Guests

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Latin America
3:05 am
Mon March 26, 2012

Some Cuban-Americans Wary As Cuba Welcomes Pope

A man rides his bicycle past a billboard welcoming Pope Benedict XVI, just days before his arrival, in Havana, Cuba. Pope Benedict's trip to Latin America includes Mexico and Cuba.
Javier Galeano AP

In 1998, when Pope John Paul II made his historic visit to Cuba, few Cuban-Americans made the pilgrimage across the Florida straits.

But when Pope Benedict XVI arrives in Cuba on Monday, hundreds of Cuban-Americans will be on hand in Santiago de Cuba when he celebrates Mass.

Carlos Saladrigas is well-known in Miami's Cuban-American community. He's a prominent businessman and co-chairman of the Cuba Study Group, an organization working to make Cuba a free and open society. He'll be in Antonio Maceo Revolution Square for Mass.

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Music Interviews
12:01 am
Mon March 26, 2012

Susan Justice: Sometimes You Just Have To 'Eat Dirt'

To get away from a strict religious family, Susan Justice fled to New York in 2001 to busk on the streets.
Courtesy of the artist

Originally published on Mon March 26, 2012 10:21 am

In a busy New York subway station, a man serenades passersby with a beat-up guitar. A few of them look up from their BlackBerrys and toss a little change in his guitar case. It's a scene that plays out in subways and streets around the world.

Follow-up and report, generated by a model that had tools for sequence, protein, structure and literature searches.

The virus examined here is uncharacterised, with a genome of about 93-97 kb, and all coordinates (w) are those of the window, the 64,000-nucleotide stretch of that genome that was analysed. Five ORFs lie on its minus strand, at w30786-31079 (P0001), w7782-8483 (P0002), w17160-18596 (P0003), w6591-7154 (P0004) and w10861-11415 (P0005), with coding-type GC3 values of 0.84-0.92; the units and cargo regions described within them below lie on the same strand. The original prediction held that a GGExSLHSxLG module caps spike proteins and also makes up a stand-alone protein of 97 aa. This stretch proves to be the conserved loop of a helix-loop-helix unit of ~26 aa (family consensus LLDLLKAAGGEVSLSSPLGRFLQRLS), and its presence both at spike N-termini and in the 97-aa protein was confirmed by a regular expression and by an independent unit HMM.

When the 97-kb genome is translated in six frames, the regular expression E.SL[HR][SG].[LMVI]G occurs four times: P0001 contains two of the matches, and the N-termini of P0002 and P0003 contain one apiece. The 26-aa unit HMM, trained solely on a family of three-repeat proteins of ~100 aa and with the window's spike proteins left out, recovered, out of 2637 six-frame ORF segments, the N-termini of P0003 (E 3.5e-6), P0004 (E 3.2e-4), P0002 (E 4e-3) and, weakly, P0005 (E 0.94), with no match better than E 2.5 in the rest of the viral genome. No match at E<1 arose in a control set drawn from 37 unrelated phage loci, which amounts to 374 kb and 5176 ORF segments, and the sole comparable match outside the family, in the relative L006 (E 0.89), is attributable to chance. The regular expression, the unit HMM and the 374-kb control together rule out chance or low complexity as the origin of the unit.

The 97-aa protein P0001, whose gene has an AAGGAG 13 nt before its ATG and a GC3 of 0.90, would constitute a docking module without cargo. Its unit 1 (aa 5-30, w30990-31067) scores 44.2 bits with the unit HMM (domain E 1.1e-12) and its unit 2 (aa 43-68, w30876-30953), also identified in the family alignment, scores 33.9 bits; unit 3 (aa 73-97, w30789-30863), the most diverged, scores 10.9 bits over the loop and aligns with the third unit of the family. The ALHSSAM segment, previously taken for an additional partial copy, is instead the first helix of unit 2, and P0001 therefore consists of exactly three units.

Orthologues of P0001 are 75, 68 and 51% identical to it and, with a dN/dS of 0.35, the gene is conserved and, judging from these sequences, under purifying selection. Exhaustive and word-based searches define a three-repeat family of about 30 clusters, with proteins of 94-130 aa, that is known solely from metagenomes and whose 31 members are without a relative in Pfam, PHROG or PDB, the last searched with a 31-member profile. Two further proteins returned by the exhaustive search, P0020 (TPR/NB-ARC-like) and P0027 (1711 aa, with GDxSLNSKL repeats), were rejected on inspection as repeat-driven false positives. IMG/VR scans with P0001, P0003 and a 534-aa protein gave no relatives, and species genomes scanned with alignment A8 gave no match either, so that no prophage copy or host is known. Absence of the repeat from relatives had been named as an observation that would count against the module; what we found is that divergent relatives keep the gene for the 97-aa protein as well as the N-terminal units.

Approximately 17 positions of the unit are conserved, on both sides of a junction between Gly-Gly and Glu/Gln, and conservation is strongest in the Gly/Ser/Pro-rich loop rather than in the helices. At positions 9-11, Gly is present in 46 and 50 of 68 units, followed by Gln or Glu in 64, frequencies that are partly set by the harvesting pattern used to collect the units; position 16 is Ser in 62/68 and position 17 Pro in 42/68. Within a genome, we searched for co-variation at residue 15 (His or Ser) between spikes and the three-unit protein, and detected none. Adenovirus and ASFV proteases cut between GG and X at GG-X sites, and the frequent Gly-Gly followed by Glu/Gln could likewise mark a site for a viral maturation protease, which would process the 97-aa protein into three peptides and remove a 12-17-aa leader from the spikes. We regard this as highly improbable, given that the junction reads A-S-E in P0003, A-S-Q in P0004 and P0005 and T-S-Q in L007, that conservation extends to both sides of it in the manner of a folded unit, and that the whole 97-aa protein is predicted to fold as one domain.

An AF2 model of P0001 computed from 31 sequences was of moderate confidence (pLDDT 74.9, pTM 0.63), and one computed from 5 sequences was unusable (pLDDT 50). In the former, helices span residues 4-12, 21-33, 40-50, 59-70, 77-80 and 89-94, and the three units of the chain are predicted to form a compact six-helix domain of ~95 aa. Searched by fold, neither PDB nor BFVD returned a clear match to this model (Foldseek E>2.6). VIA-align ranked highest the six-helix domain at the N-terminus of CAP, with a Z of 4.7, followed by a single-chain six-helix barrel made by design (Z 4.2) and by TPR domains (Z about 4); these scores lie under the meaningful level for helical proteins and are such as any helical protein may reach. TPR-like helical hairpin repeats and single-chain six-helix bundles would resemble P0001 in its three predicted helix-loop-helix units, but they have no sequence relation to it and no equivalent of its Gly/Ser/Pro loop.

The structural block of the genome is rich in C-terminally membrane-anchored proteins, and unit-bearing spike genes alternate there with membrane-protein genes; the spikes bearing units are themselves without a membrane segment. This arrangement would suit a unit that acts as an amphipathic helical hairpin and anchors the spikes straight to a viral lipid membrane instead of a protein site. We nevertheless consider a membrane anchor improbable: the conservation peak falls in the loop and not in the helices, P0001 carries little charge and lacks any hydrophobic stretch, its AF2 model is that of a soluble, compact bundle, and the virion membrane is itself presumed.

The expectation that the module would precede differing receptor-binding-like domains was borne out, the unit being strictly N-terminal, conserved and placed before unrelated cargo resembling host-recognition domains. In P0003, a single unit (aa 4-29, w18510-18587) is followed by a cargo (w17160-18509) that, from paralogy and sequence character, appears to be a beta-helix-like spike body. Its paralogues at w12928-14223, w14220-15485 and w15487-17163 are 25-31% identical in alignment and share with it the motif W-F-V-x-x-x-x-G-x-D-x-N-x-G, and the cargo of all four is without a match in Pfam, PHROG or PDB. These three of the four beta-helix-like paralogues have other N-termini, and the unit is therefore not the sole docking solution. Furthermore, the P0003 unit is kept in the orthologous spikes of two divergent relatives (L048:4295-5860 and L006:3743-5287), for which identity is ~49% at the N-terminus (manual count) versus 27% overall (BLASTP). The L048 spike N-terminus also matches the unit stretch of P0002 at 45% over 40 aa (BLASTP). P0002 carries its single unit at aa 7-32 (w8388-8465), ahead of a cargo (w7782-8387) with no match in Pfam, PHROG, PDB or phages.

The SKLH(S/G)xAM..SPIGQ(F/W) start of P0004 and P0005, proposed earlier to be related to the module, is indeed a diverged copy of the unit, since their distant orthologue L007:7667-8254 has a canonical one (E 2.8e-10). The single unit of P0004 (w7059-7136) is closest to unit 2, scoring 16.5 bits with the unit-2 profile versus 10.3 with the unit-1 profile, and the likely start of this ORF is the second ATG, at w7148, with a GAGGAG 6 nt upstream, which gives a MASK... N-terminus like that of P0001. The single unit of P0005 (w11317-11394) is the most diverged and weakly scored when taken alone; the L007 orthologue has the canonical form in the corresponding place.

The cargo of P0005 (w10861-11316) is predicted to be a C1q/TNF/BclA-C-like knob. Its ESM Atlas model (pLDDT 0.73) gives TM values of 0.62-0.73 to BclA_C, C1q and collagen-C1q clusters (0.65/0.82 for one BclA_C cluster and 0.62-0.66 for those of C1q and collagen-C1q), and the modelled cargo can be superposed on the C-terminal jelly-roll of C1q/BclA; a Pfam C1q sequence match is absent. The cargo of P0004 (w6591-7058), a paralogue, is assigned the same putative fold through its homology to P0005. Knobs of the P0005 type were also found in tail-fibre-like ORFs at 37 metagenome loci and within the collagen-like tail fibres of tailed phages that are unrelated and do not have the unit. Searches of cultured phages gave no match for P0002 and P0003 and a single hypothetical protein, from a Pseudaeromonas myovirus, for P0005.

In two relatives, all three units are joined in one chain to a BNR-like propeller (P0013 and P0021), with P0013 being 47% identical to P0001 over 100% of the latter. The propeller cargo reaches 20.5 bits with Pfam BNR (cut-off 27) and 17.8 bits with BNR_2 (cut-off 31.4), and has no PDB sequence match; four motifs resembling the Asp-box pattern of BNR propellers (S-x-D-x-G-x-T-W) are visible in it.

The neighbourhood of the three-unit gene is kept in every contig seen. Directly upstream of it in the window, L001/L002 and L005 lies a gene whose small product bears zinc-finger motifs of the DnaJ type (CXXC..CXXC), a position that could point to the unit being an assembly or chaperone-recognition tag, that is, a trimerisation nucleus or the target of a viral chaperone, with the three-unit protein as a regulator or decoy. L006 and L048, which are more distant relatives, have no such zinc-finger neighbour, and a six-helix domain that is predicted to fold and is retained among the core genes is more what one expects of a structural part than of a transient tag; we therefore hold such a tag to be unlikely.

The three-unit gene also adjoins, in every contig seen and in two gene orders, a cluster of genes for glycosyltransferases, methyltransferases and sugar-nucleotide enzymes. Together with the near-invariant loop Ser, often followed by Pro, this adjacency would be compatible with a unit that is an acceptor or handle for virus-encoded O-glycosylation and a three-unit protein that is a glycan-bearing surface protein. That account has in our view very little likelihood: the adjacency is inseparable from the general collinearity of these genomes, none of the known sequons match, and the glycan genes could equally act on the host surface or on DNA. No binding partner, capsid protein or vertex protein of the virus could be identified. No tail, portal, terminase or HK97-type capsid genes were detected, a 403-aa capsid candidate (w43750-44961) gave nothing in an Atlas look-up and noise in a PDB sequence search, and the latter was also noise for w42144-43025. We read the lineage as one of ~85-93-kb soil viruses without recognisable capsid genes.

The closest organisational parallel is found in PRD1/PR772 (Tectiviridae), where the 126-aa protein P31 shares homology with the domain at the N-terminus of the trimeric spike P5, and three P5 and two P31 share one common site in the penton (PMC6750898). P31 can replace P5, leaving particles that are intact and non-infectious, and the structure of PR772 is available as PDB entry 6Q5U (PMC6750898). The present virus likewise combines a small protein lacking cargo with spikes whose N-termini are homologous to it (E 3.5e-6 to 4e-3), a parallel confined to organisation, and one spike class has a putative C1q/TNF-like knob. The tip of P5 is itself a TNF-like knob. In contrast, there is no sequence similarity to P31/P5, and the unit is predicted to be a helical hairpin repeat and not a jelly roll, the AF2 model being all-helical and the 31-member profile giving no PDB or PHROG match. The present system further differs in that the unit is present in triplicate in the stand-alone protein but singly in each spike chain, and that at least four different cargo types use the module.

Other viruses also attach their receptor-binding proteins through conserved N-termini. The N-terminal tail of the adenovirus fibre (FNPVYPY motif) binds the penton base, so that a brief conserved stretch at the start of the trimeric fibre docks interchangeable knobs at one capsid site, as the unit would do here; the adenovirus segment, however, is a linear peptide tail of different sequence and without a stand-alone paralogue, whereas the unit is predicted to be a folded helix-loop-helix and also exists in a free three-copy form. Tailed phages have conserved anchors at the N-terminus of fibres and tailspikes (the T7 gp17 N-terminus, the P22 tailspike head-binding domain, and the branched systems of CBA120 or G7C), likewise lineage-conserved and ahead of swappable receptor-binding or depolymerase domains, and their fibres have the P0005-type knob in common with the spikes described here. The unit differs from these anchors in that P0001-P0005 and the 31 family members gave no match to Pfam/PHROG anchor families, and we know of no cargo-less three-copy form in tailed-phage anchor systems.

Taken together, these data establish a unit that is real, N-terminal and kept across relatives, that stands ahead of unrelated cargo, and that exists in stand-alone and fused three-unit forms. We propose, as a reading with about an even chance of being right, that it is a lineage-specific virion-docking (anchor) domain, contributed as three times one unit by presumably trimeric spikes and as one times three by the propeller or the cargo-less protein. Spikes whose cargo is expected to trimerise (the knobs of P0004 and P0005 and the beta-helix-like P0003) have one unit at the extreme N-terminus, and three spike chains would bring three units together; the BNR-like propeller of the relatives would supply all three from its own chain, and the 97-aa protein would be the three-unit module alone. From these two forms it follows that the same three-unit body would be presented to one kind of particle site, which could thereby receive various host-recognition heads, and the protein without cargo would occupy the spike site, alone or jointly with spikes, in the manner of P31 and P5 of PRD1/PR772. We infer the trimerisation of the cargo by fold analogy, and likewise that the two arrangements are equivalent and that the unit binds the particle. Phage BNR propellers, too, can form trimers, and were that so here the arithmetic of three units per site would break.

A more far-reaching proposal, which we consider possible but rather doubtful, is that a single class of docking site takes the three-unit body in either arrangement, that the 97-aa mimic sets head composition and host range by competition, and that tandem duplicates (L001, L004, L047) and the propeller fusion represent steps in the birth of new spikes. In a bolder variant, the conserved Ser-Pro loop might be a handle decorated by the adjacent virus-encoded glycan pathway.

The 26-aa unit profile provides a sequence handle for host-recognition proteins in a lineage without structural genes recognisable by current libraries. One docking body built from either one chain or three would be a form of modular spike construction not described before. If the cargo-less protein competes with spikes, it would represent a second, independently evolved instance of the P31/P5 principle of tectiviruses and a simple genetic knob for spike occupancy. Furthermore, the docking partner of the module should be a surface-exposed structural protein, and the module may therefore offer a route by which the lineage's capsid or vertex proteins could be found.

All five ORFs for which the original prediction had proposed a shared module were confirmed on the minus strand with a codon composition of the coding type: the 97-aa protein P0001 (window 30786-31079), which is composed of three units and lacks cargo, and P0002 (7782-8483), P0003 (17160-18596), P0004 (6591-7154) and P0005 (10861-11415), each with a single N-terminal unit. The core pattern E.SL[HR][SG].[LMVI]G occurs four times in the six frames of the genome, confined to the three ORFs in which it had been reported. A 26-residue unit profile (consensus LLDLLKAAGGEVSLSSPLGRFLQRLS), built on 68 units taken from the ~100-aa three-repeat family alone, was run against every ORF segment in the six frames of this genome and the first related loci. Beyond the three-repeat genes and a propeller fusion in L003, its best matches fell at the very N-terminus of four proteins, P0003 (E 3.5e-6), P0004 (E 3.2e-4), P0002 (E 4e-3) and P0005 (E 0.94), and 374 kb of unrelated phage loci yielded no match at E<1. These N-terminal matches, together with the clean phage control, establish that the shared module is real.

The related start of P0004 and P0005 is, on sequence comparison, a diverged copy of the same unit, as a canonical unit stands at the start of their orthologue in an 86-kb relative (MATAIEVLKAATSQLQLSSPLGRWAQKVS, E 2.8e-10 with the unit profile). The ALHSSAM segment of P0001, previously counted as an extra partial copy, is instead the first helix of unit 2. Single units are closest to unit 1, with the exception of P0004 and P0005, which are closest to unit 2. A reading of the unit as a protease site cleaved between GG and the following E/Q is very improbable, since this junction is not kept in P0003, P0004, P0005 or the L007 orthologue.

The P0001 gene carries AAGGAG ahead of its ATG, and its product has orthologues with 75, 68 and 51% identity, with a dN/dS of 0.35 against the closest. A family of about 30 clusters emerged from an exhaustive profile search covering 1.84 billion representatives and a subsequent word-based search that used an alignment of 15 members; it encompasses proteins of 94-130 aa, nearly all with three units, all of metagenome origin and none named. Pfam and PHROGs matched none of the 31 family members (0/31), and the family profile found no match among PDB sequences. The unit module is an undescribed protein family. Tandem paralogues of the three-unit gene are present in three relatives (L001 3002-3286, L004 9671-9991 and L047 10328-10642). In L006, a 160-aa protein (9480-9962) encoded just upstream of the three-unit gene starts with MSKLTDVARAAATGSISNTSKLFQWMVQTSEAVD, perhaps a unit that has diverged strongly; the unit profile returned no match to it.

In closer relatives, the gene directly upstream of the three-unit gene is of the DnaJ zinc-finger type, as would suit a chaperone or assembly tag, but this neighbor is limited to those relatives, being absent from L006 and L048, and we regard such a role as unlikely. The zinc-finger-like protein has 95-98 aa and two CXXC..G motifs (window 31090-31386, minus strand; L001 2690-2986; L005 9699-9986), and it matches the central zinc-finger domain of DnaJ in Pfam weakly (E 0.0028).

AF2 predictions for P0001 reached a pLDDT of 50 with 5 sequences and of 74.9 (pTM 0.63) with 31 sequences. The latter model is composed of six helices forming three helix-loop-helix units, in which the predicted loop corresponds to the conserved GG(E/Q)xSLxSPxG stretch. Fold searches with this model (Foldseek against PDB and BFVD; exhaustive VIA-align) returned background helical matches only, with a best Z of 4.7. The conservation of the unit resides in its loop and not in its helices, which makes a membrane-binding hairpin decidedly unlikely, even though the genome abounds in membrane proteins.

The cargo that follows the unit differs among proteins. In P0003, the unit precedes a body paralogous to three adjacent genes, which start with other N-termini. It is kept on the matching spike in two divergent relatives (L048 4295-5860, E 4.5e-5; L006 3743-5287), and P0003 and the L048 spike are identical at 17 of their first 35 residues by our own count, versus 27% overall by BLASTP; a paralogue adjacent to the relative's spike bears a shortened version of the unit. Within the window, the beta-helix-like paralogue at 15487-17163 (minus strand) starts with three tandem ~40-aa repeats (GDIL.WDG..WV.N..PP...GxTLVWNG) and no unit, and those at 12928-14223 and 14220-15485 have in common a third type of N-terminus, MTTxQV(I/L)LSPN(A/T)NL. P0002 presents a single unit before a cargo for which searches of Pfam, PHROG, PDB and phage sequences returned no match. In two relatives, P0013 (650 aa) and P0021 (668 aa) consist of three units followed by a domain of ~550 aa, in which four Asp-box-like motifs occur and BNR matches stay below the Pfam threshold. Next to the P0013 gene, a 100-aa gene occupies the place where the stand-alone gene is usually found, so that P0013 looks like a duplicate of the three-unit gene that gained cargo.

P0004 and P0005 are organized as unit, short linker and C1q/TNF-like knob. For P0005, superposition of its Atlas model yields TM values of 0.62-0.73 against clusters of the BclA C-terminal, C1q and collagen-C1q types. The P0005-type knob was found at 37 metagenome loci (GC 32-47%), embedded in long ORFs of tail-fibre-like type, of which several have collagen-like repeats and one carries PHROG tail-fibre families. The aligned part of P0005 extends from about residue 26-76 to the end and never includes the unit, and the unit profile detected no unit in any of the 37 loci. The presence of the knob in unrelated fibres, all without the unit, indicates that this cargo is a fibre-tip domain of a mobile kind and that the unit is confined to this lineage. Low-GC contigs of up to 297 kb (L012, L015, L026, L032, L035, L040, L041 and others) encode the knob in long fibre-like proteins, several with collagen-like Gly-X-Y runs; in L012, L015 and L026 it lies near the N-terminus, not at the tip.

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Shots - Health Blog
12:01 am
Mon March 26, 2012

Cheney Operation Underscores Heart Transplant Issues

Dick Cheney is interviewed in New York in August 2011. The former vice president is recovering after having heart transplant surgery on Saturday.
Richard Drew AP

Former Vice President Dick Cheney is recovering from a heart transplant he received Saturday at Inova Fairfax Hospital in Falls Church, Va.

The operation makes Cheney among more than 2,300 Americans who get heart transplants every year.

Heart transplantation has come a long way since Christiaan Barnard stitched the heart of a young woman into the chest of a middle-aged man in South Africa in 1967. That transplant recipient died 18 days later. Today, recipients can expect to get a decade or more of life from their new hearts.

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NPR News
12:01 am
Mon March 26, 2012

Pipe Down! That Noise Might Affect Your Plants

Pinon pine trees like this one dominate Rattlesnake Canyon.
Jeff Mitton

Researchers haven't given much thought to the effect of noise and noise pollution on plants. After all, plants don't have ears — at least, not the kind you hear with — so there doesn't seem to be much point. But thanks to ecologist Clinton Francis, that could be about to change.

Francis is a postdoctoral researcher at the National Evolutionary Synthesis Center in North Carolina. But he has spent the past few years in northwestern New Mexico, studying noise pollution in Rattlesnake Canyon.